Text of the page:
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Yes, Reusable Bags are Safe!

November 14, 2011

The Cat's [Not] Outta the BagThere’s no shortage of reasons to bring a reusable bag to the grocery store, instead of ending up with single-use paper or plastic bags. [See a great report by the folks at Chico Bag.] Paper and plastic are wasteful, from their creation – cutting down trees, importing oil – to their disposal, usually in a landfill or worse. Bringing your own bag is a terrific way to reduce that waste.

But one study made headlines last summer, finding that reusable bags, even though they’re great for the environment, could contain bacteria or lead. Should we ditch those hippy-dippy bags once and for all, and go back to good old plastic?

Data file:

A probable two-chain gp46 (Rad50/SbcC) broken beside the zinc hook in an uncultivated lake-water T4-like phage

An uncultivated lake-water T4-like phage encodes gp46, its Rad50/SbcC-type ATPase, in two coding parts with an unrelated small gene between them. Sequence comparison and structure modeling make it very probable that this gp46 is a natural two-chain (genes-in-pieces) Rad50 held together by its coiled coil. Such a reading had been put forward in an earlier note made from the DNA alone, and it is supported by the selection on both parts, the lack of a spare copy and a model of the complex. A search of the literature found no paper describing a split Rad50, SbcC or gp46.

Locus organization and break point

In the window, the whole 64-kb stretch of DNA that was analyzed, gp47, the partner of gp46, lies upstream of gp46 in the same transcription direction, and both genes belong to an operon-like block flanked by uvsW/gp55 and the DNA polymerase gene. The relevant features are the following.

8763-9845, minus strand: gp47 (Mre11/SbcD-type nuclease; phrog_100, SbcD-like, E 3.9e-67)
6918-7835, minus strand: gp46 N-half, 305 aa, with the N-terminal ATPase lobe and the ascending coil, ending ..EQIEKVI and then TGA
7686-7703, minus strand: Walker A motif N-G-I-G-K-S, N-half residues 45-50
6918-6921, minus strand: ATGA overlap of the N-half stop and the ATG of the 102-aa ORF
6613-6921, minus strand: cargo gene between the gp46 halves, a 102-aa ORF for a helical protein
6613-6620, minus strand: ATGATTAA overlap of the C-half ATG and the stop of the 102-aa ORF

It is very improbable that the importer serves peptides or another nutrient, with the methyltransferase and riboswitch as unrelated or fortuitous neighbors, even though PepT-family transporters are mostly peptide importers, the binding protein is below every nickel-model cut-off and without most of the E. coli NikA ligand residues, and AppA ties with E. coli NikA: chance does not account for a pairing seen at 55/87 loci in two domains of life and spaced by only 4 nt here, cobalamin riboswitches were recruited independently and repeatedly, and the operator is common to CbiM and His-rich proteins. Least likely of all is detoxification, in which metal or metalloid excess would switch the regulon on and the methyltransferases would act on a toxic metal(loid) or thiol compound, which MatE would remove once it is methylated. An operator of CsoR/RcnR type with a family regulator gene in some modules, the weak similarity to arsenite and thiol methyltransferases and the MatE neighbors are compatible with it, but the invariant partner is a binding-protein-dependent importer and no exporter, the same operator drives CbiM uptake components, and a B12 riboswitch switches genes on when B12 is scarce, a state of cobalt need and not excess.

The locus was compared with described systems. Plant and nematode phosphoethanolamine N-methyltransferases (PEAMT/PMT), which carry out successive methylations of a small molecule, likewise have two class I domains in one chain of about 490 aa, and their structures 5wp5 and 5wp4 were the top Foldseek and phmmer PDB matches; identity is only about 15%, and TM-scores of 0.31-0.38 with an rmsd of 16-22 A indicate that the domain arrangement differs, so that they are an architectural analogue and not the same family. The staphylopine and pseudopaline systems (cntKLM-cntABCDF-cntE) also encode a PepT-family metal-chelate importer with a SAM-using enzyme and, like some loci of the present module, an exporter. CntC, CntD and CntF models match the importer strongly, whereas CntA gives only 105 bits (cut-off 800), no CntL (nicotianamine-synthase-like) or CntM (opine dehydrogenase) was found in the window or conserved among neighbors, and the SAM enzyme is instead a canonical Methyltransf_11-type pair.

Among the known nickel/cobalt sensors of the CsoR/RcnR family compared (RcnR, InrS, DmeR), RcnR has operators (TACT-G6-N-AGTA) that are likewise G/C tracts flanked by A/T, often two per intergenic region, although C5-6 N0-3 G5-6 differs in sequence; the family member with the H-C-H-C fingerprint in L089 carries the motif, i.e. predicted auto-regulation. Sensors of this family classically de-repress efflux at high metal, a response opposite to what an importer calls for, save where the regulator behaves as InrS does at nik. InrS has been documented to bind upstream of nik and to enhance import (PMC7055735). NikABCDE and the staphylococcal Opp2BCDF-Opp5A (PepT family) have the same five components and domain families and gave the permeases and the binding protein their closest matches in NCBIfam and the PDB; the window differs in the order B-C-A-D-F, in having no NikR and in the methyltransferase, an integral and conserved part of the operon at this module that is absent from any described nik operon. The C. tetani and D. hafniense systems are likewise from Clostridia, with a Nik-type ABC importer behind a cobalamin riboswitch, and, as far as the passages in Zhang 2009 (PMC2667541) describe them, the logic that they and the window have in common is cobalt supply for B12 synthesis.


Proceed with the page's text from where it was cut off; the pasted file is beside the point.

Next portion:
Not so fast.  Remember, there are sea turtles at stake! A few common-sense steps make your reusable bags A-OK.

  • The best bags are the ones that last. A nice cloth bag can replace thousands of plastic bags – but not if it breaks after 20 uses! Look for quality, just like you do when buying clothes.
  • Don’t use your grocery bags for gross stuff, like your gym clothes or leaky meat products. (Or if you do, don’t also use them for fresh food, like fruits and veggies.)
  • And, like your fridge or anything else that stores food, your bags need to be washed every once in a while. Drop ‘em in the washer on gentle, and hang up to dry.

Hey, that was easy! You’re welcome, sea turtles.

P.S. Want to dig a little deeper? A Rolling Stone story from July looks into the lobbying and marketing strategies of the plastic-bag industry. We were disappointed that they stooped so low.

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